Portrait by Herb Kawainui Kane.
Hawai'iloa: Seeker of Knowledge
Over 1,600 years ago voyaging canoes carried Polynesian settlers to these shores. Hawai'iloa, a modern version of a traditional
voyaging canoe, is carrying Hawaiian culture into the 21st century. This online exhibit is provided by the Bishop Museum.
Herb Kawainui Kane
Herb Kawainui Kane (pronounced KAH-ney) is an artist-historian and author with special interest in Hawai'i and the South Pacific. He resides in rural South Kona on the island of Hawaii. His art has appeared on postage
stamps for the U.S. Postal Service, the Republic of the Marshall islands, the Federated States of Micronesia, and
Pacific Islanders in Communication
Pacific Islanders in Communications (PIC) is a
national nonprofit media organization
established primarily for the purpose of
increasing national public broadcast
programming by and about indigenous Pacific
Islanders. PIC promotes programming which
fosters a deeper understanding of the values
inherent in Pacific Island cultures and which
enhance public recognition of and appreciation
for Pacific Islanders; that is, the descendants of
the first peoples of Hawai'i, Guam, the Northern
Mariana Islands, American Samoa and other
Polynesia Polynesia! exists for the promotion and preservation of the unique culture of Polynesia in order that all Polynesians now living in the U.S., their children, and their children's children may know and take pride in their remarkable heritage. We provide the means and the vehicle by which Polynesians can receive assistance from those who understand them and share their desire to succeed and excel in times to come.
Polynesian Voyaging Society
The Polynesian Voyaging Society (PVS) was founded in 1973 as an organization to
research the means by which Polynesian seafarers discovered and settled nearly every inhabitable island in the Pacific Ocean before European explorers found the ocean in the 16th century. Since 1975, PVS has built two replicas of ancient canoes -- Hokule'a and Hawai'iloa -- and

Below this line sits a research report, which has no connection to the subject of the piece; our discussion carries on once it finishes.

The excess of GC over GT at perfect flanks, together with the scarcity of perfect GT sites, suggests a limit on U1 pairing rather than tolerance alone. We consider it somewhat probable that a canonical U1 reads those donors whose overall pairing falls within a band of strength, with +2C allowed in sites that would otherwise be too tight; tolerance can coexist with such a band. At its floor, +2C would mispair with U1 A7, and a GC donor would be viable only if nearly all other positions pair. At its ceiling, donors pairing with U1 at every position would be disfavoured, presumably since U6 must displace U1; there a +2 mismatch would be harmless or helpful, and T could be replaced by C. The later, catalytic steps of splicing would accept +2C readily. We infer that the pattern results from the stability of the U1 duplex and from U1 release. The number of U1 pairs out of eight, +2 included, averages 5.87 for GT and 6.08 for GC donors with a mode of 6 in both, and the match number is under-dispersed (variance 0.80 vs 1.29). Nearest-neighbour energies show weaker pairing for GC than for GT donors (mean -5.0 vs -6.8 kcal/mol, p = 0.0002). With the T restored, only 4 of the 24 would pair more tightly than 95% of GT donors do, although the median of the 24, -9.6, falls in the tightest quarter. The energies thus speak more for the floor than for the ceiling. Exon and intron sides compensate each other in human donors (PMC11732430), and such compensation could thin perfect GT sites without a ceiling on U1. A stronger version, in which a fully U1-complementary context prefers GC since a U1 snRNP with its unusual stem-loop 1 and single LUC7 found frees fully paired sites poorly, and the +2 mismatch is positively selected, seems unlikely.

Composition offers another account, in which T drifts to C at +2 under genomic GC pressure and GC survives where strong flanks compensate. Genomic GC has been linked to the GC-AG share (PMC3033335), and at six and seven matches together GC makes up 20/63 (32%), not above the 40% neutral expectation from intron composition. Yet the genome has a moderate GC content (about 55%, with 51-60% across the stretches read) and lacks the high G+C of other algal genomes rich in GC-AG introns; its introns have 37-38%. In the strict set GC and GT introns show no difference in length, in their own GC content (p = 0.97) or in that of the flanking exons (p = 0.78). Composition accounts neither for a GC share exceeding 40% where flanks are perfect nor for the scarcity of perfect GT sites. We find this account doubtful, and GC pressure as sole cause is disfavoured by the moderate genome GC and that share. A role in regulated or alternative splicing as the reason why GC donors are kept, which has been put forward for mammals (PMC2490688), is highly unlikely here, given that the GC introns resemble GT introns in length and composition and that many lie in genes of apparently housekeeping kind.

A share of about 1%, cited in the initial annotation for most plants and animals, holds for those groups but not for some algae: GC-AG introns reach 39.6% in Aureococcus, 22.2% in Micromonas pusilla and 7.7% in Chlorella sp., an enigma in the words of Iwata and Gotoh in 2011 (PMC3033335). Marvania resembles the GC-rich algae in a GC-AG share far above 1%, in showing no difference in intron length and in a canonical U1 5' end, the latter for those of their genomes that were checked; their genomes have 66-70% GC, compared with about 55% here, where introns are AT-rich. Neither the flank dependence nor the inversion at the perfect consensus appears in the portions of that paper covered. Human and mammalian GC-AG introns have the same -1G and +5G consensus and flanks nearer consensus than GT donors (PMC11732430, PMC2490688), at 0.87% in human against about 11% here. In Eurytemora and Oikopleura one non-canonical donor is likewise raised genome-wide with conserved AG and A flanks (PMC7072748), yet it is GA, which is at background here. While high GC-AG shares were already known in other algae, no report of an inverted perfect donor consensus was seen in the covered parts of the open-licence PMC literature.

conducted five voyages to the South Pacific to retrace migration routes and recover traditional canoe-building and
wayfinding (non-instrument navigation) arts.
Sailing the Master Home
Mau Piailug, a shy, humble man from the tiny atoll of Satawal in the Caroline islands of Micronesia, could be credited as a spark that helped to re-ignite the flames of interest in the Hawaiian culture. This site follows the 6,220 journey that will take Mau and the canoe, Makali'i, through the Marshall Islands, the Federated States of Micronesia, to the Northern Mariana Islands and the Island of Guam.
Traditional Navigation in the Western Pacific
Is there a primitive mentality essentially different from a civilized one? Or do people learn and mentally organize their experience in similar ways in spite of differences in their cultures and in the content of what they have to learn? These are the questions addressed in the this University of Pennsylvania Web site.